Hydrogen and Methane-Based Breath Testing in Gastrointestinal Disorders: The North American Consensus

The North American Consensus group on hydrogen and methane-based breath testing

Research output: Contribution to journalArticle

104 Citations (Scopus)

Abstract

Objectives: Breath tests (BTs) are important for the diagnosis of carbohydrate maldigestion syndromes and small intestinal bacterial overgrowth (SIBO). However, standardization is lacking regarding indications for testing, test methodology and interpretation of results. A consensus meeting of experts was convened to develop guidelines for clinicians and research. Methods: Pre-meeting survey questions encompassing five domains; indications, preparation, performance, interpretation of results, and knowledge gaps, were sent to 17 clinician-scientists, and 10 attended a live meeting. Using an evidence-based approach, 28 statements were finalized and voted on anonymously by a working group of specialists. Results: Consensus was reached on 26 statements encompassing all five domains. Consensus doses for lactulose, glucose, fructose and lactose BT were 10, 75, 25 and 25 g, respectively. Glucose and lactulose BTs remain the least invasive alternatives to diagnose SIBO. BT is useful in the diagnosis of carbohydrate maldigestion, methane-associated constipation, and evaluation of bloating/gas but not in the assessment of oro-cecal transit. A rise in hydrogen of ≥20 p.p.m. by 90 min during glucose or lactulose BT for SIBO was considered positive. Methane levels ≥10 p.p.m. was considered methane-positive. SIBO should be excluded prior to BT for carbohydrate malabsorption to avoid false positives. A rise in hydrogen of ≥20 p.p.m. from baseline during BT was considered positive for maldigestion. Conclusions: BT is a useful, inexpensive, simple and safe diagnostic test in the evaluation of common gastroenterology problems. These consensus statements should help to standardize the indications, preparation, performance and interpretation of BT in clinical practice and research.

Original languageEnglish (US)
Pages (from-to)775-784
Number of pages10
JournalAmerican Journal of Gastroenterology
Volume112
Issue number5
DOIs
StatePublished - May 1 2017

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Breath Tests
Methane
Hydrogen
Lactulose
Carbohydrates
Glucose
Gastroenterology
Constipation
Lactose
Fructose
Research
Routine Diagnostic Tests
Gases
Guidelines

ASJC Scopus subject areas

  • Hepatology
  • Gastroenterology

Cite this

Hydrogen and Methane-Based Breath Testing in Gastrointestinal Disorders : The North American Consensus. / The North American Consensus group on hydrogen and methane-based breath testing.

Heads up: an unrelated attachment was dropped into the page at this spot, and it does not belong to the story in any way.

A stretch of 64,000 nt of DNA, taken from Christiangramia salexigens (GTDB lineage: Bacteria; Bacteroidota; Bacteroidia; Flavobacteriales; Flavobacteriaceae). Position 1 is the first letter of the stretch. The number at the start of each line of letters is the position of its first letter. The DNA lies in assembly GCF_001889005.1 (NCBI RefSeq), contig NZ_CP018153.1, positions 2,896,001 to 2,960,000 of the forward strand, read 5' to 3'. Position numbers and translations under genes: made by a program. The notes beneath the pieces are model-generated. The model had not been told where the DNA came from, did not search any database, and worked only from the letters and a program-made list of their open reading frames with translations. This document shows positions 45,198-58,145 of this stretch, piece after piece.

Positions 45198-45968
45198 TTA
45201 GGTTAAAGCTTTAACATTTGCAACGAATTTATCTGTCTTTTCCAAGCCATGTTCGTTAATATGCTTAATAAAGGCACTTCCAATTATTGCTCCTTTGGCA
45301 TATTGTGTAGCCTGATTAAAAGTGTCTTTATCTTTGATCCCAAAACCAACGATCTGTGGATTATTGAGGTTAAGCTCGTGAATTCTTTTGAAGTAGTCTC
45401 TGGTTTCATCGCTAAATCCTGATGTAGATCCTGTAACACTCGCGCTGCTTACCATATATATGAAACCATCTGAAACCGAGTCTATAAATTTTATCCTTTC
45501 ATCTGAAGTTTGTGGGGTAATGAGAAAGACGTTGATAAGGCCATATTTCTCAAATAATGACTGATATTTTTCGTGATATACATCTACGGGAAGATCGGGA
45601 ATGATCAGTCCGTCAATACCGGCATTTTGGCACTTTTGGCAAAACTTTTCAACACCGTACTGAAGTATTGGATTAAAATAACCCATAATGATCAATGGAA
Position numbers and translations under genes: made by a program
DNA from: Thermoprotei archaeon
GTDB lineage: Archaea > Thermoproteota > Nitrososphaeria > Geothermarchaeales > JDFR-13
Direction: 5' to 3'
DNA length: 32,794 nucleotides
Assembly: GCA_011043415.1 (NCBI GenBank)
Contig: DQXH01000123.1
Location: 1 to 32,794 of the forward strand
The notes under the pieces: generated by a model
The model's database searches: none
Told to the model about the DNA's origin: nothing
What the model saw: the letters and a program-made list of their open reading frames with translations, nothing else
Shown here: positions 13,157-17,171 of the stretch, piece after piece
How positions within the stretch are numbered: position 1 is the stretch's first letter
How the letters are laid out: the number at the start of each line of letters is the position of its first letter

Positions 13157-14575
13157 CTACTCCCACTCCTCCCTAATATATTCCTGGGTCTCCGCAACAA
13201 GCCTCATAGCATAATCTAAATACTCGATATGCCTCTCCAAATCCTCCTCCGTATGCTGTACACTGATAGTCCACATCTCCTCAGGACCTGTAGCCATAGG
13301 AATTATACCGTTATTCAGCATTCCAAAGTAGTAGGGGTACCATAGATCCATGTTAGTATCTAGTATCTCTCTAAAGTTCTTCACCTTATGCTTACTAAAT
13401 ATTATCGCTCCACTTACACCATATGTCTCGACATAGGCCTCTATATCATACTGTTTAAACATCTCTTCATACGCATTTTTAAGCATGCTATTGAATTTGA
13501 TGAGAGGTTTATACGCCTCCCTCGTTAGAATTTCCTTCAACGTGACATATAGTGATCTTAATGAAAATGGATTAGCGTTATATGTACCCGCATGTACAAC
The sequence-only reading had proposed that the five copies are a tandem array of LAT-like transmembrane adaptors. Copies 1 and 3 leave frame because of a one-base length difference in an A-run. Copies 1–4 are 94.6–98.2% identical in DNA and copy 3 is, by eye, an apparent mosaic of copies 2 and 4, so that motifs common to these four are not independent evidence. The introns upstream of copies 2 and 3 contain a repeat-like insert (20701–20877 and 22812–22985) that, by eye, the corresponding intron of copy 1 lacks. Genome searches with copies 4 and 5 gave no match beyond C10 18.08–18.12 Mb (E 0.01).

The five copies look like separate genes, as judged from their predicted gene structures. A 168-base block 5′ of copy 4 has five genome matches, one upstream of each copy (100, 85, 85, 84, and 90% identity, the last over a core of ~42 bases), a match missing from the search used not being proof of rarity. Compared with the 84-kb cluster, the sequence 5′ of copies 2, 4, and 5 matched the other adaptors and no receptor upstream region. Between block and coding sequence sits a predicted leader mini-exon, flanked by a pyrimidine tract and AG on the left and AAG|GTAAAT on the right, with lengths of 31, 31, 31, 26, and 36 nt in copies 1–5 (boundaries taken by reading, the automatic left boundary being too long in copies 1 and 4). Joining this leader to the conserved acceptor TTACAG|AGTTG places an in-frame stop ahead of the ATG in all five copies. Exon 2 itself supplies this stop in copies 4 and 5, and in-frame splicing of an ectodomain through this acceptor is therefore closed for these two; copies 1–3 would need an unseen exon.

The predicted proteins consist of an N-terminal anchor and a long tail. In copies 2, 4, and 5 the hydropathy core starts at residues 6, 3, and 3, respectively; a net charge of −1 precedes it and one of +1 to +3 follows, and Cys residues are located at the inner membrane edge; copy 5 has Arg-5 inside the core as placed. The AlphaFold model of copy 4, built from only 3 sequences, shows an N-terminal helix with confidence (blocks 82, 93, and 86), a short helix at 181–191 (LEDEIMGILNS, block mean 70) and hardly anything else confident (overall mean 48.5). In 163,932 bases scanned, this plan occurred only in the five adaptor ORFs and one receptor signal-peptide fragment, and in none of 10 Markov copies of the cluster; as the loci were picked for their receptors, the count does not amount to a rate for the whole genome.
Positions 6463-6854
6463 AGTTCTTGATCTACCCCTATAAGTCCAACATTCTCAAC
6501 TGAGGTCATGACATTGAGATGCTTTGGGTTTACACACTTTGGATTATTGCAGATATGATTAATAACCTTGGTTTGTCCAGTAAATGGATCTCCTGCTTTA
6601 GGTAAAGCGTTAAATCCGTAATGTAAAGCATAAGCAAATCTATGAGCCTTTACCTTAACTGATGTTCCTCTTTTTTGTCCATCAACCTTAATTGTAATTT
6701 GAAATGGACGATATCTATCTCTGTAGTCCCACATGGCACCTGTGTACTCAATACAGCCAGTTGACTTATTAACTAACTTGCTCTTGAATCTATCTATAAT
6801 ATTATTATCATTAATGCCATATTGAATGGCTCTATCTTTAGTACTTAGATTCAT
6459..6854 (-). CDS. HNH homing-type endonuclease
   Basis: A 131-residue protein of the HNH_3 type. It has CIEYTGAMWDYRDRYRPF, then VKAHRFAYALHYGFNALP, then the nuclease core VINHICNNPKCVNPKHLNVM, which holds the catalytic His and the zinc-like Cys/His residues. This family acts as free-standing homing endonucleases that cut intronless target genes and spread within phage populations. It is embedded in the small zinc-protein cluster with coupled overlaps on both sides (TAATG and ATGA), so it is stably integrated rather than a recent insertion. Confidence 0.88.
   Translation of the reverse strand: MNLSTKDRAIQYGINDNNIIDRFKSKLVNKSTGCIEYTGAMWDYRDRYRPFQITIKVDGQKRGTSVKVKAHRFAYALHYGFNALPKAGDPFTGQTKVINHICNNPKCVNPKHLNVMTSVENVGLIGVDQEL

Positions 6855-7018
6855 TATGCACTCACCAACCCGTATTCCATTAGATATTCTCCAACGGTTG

In: American Journal of Gastroenterology, Vol. 112, No. 5, 01.05.2017, p. 775-784.

Research output: Contribution to journalArticle

The North American Consensus group on hydrogen and methane-based breath testing 2017, 'Hydrogen and Methane-Based Breath Testing in Gastrointestinal Disorders: The North American Consensus', American Journal of Gastroenterology, vol. 112, no. 5, pp. 775-784. https://doi.org/10.1038/ajg.2017.46
The North American Consensus group on hydrogen and methane-based breath testing. / Hydrogen and Methane-Based Breath Testing in Gastrointestinal Disorders : The North American Consensus. In: American Journal of Gastroenterology. 2017 ; Vol. 112, No. 5. pp. 775-784.
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abstract = "Objectives: Breath tests (BTs) are important for the diagnosis of carbohydrate maldigestion syndromes and small intestinal bacterial overgrowth (SIBO). However, standardization is lacking regarding indications for testing, test methodology and interpretation of results. A consensus meeting of experts was convened to develop guidelines for clinicians and research. Methods: Pre-meeting survey questions encompassing five domains; indications, preparation, performance, interpretation of results, and knowledge gaps, were sent to 17 clinician-scientists, and 10 attended a live meeting. Using an evidence-based approach, 28 statements were finalized and voted on anonymously by a working group of specialists. Results: Consensus was reached on 26 statements encompassing all five domains. Consensus doses for lactulose, glucose, fructose and lactose BT were 10, 75, 25 and 25 g, respectively. Glucose and lactulose BTs remain the least invasive alternatives to diagnose SIBO. BT is useful in the diagnosis of carbohydrate maldigestion, methane-associated constipation, and evaluation of bloating/gas but not in the assessment of oro-cecal transit. A rise in hydrogen of ≥20 p.p.m. by 90 min during glucose or lactulose BT for SIBO was considered positive. Methane levels ≥10 p.p.m. was considered methane-positive. SIBO should be excluded prior to BT for carbohydrate malabsorption to avoid false positives. A rise in hydrogen of ≥20 p.p.m. from baseline during BT was considered positive for maldigestion. Conclusions: BT is a useful, inexpensive, simple and safe diagnostic test in the evaluation of common gastroenterology problems. These consensus statements should help to standardize the indications, preparation, performance and interpretation of BT in clinical practice and research.",
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